Will you be the Good Samaritan to these innocent lives? Will you give of your time and money? Will you get up out of your chairs and, yes, even off your knees and do something - anything? Will you show love to these children? Or, will you live through this time knowing that you spent 50 hours a month on Facebook or watching TV, but not one minute fighting to prevent further slaughter of these unwanted children. Will future generations look back on us Christians and ask: "How could they allow this to continue and not do anything to try to stop it?" Pastors, how will you answer the questions about the lack of leadership in the Church; how will you respond to those who ask, "How could you remain silent in the face of such inhumanity in your own communities?" We have witnessed fundamental changes being brought about by small minorities of committed individuals. How much more can be accomplished with the entire body of believers engaging in united action.

This is the time. We are at the moment. Will you answer the call to action? Or will you instead go inside your houses and close the doors so as not to smell the smoke rising from the incinerators? The choice is yours alone to make.

Tuesday, September 1, 2015

Does getting caught nullify sincere remorse?

These days Josh Duggar is on the hot seat, but his 15 minutes of fame will flicker out soon enough.  The next time around it will be a big name celebrity, a well known athlete, some politician, or a famous megachurch pastor who gets caught, forgive the pun, with his pants down.

Of course Duggar "is sorry," people say, but only because he got caught with an online "Ashley Madison" affair seeking account.  And, Duggar's wife reportedly is going to forgive him and move on, which has people all over the place infuriated, and this has people asking the question is he really sincerely sorry?

Let's rephrase the question: If someone continues to misbehave, but only quits after their deeds come to light, are they truly remorseful..., or are they only sorry because they were caught in the act?

I'm going to say, a person who gets caught red-handed can be authentically sorrowful, even though they didn't slow down in their wickedness until they were exposed.  Why?  Well, in a perfect world people would feel bad about their actions and then quit; but we don't live in a perfect world, because in a perfect world people don't turn their lives into train-wrecks.  And in a perfect world people don't need to quit bad behavior, because they avoid hurting their loved ones before they even get started.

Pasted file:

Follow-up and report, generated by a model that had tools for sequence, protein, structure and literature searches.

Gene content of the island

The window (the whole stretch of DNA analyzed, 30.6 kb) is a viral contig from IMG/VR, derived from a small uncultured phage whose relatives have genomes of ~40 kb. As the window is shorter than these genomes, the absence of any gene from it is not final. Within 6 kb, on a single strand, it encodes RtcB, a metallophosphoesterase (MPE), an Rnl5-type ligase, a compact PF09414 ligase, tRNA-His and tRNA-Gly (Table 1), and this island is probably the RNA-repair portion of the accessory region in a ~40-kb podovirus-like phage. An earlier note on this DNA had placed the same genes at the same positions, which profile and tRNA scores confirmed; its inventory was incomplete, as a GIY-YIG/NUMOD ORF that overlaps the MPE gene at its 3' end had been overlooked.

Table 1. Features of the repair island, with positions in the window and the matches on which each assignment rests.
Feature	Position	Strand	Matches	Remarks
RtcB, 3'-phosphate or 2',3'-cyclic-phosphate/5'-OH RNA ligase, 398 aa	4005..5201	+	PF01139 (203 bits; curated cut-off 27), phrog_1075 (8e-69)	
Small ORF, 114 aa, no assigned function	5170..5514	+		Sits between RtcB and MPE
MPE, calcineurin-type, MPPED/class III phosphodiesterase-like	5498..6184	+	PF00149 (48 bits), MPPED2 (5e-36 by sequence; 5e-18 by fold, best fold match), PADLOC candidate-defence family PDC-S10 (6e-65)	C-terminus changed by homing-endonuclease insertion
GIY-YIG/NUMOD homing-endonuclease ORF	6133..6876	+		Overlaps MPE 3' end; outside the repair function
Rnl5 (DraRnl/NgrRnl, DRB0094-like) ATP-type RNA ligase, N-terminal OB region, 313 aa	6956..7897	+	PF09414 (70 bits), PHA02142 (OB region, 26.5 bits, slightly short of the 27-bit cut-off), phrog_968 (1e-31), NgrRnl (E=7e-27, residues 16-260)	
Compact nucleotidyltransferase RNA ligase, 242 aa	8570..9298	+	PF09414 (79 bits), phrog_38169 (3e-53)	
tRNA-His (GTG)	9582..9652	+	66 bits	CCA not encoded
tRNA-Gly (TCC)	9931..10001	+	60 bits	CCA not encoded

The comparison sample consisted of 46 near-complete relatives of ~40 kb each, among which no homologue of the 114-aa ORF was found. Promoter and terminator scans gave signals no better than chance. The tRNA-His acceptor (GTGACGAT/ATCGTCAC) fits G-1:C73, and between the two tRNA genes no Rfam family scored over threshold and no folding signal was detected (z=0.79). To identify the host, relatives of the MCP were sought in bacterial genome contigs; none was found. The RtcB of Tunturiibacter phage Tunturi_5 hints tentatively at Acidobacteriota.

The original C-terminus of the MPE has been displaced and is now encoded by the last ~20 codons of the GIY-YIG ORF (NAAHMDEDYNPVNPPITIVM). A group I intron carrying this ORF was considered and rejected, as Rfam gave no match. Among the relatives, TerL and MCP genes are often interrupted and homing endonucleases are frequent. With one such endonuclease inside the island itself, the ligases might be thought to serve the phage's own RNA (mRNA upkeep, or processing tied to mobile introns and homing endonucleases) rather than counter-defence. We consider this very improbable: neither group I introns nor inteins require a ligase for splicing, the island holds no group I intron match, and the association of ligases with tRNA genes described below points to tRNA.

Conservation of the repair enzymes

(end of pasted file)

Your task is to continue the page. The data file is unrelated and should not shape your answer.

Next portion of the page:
Maybe, just maybe, the best thing that can happen to some people, ones who are entrapped in a dark sin, a bondage they can't break free from, is to get caught.  For some people, they only will stop when they are confronted with their dark secret.  Being sorry doesn't depend on if you get caught or not, being sorry doesn't depend on the reason why you quit, being sorry rests somewhere else.

Sure, to those on the short end of the stick, it would be more believable that the other person is truly remorseful if they quit all on their own, and then fessed up.  That's not too realistic, not for any of us.  And, there's a little bloodthirstiness on the line when people on the outside refuse to be satisfied by another person's apology.

Again, why am I convinced that a person can continue to make matters worse right up until they get busted, and they can still be sincerely apologetic and completely remorseful and 100% genuine when they say they are sorry?  I read a story about an ancient king who had a philandering problem.

This king who had his way with the women got an attractive women pregnant, and then killed her husband after a botched attempt to cover up the pregnancy.  It was only after the king was confronted by a prophet did the king feel bad about his actions.  Afterward this king wrote one of the most famous pieces of poetry in all of history.  I'll share a snippet of the poem:

“8 Let me hear joy and gladness;
let the bones that you have broken rejoice.
9 Hide your face from my sins,
and blot out all my iniquities.
10 Create in me a clean heart, O God,
and renew a right spirit within me.
11 Cast me not away from your presence,
and take not your Holy Spirit from me.
12 Restore to me the joy of your salvation,
and uphold me with a willing spirit.
13 Then I will teach transgressors your ways,
and sinners will return to you.
14 Deliver me from bloodguiltiness, O God,
O God of my salvation,
and my tongue will sing aloud of your righteousness.
15 O Lord, open my lips,
and my mouth will declare your praise.
16 For you will not delight in sacrifice, or I would give it;
you will not be pleased with a burnt offering.
17 The sacrifices of God are a broken spirit;
a broken and contrite heart, O God, you will not despise.” (PS 51:8-17)

Just for the record, I hadn't heard of Josh Duggar before his fall from grace, and I've never watched their family's reality show.  I hope for the best for him and his wife, I've learned in counseling people that you can forgive anything if you want to, and if you let God heal your wounded heart.